The FDA Prior Notice number must be present on the waybill during shipping. The waybill’s description field for the product must also read, “Contains Alcohol — Signature of a Person Age 21 or Older Required for Delivery.” The FDA Prior Notice is also necessary when creating a commercial invoice. Print an FDA Prior Notice form with an itemized list of commodities, then attach the form to the commercial invoice.

7. Prepare Your Paperwork for Customs

The CBP will require that you have all necessary TTB permits and documentation, as well as the invoices for each import shipment and an entry form and entry summary. Each invoice must have the name of the importer, exporter, port of entry, number, weight, price and a detailed description of the product you are importing. Without this information, customs may not permit entry of your product. You will need to pay the assessed taxes and import duties before customs releases your product.

Another document to provide is an importer or customs bond. These bonds show that the importer will pay all necessary FET taxes and fees to the CBP. The CBP will only release products after receiving the required payment from the importer. Your importer can apply for the bond through a broker or surety that will cover the payments. The importer then reimburses the surety or broker.

8. Make a Plan for Transloading

Transloading is the process of moving your beer, wine or liquor from one mode of transportation to the next. Exporting a beverage from your nation and importing it to the U.S. involves numerous forms of transportation. Following various alcoholic beverage transportation regulations within the U.S. complicates this process.

Each state has its own rules and regulations surrounding imported alcohol, and there may be additional requirements you need to meet before moving your product from the point of entry. Between the numerous transportation modes your beverage will encounter and the many state regulations it will be subject to, it’s a good idea to map out the warehousing and shipping requirements necessary for each product to reach its final destination.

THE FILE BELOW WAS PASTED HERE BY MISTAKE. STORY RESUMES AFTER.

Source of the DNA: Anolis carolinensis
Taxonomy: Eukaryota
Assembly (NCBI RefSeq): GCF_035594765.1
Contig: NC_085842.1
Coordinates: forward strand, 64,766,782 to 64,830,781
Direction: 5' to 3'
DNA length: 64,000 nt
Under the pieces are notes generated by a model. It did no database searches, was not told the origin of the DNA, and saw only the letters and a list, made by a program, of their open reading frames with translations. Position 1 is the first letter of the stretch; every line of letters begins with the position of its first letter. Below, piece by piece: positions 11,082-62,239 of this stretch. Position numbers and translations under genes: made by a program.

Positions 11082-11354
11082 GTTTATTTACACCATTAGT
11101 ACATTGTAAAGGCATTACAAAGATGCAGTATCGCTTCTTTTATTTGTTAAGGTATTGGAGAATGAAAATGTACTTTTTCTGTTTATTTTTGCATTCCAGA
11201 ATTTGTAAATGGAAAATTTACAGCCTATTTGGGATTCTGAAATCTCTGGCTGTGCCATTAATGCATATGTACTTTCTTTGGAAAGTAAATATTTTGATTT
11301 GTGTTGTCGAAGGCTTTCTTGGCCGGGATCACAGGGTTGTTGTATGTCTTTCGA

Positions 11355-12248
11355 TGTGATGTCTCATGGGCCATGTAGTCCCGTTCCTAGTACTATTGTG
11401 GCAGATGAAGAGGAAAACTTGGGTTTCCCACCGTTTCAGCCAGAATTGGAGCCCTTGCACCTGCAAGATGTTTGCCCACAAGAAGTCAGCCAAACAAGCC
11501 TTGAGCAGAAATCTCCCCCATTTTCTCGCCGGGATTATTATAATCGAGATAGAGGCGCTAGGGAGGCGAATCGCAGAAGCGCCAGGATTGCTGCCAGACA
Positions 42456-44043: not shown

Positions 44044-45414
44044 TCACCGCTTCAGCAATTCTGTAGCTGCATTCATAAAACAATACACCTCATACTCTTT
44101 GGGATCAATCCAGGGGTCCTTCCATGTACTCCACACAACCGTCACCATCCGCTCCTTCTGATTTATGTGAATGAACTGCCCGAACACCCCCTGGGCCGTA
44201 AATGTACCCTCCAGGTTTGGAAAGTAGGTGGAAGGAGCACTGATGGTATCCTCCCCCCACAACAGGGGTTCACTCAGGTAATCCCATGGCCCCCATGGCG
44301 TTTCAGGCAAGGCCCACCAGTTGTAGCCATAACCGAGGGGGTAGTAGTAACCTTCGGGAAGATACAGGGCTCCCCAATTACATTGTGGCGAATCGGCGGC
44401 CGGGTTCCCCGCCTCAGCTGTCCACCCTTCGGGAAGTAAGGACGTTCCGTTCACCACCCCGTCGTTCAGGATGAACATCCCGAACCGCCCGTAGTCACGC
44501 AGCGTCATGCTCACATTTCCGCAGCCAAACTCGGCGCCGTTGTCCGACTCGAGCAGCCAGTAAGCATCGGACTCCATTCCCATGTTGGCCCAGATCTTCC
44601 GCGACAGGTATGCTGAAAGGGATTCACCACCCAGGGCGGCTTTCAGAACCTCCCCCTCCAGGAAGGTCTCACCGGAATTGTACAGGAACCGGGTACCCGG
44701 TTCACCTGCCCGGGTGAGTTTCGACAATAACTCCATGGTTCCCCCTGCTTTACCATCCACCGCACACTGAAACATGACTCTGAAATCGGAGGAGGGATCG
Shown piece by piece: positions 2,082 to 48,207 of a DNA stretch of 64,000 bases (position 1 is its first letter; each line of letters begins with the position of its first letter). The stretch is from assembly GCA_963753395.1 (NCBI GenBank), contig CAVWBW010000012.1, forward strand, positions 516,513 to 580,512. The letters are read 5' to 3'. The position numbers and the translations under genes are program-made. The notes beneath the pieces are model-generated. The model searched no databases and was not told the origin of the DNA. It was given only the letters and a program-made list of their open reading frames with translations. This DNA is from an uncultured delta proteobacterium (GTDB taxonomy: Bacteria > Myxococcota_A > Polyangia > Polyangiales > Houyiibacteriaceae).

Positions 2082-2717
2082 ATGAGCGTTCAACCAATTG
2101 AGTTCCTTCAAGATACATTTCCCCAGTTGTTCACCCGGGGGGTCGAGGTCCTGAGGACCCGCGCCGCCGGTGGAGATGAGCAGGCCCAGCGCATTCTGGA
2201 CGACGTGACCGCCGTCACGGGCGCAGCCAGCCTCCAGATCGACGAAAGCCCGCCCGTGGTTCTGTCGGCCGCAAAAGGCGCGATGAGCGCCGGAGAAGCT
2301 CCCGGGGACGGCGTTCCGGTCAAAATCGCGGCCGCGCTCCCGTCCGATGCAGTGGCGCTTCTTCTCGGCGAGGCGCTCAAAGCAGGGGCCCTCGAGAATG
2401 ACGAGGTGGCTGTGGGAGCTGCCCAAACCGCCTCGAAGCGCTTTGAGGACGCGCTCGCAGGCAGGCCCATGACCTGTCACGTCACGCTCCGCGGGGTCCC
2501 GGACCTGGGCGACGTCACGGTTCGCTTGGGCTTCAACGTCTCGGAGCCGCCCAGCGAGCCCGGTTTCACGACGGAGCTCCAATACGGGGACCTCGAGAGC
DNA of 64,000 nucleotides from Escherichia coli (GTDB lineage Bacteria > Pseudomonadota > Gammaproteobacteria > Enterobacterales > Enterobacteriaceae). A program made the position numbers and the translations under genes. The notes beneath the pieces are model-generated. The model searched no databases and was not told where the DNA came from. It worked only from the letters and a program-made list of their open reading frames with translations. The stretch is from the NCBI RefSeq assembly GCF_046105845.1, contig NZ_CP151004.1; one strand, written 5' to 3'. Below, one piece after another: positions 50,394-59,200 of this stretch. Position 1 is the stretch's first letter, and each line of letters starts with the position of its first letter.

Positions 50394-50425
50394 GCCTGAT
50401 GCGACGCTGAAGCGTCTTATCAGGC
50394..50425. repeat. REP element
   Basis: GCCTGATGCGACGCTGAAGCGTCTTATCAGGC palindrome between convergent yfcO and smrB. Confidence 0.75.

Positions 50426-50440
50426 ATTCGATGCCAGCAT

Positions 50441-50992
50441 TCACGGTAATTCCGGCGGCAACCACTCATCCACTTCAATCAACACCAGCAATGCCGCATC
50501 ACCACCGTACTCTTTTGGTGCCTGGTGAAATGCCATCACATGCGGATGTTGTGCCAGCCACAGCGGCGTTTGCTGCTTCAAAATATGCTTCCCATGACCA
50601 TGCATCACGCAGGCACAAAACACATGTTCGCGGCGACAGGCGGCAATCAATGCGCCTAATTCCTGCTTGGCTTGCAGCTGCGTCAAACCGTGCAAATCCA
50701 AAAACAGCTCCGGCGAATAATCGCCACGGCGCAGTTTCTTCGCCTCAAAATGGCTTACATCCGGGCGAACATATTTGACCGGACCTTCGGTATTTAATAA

9. Verify That the Import Customer Meets All Requirements

The U.S. customer purchasing your alcoholic beverage must also meet certain requirements. Verifying that your customer does its due diligence will ensure the sale goes through. Import customers inside the U.S. must provide:

  • Power of Attorney
  • COLA waiver
  • Federal Basic Permit
  • State-issued alcohol permit
  • Certificate of Age or Origin


Build an Import Strategy With MyDrink Beverages

Importing alcoholic beverages into the U.S. can seem like a daunting process, but following these steps can help minimize surprises and avoid unnecessary costs and delays.

Many alcoholic beverage brands outside of the U.S. choose to outsource the importing process. Importing services resolves many of the challenges that come with reaching customers in the U.S. market. MyDrink Beverages and our parent company, BevSource, offer customized solutions and support to help you develop the import strategy that makes the most sense for your company and product.

Our expert consultants fulfill many importing tasks on your behalf to ensure accurate and timely completion.  Please contact us to learn more about our alcoholic beverage importing services.

Related posts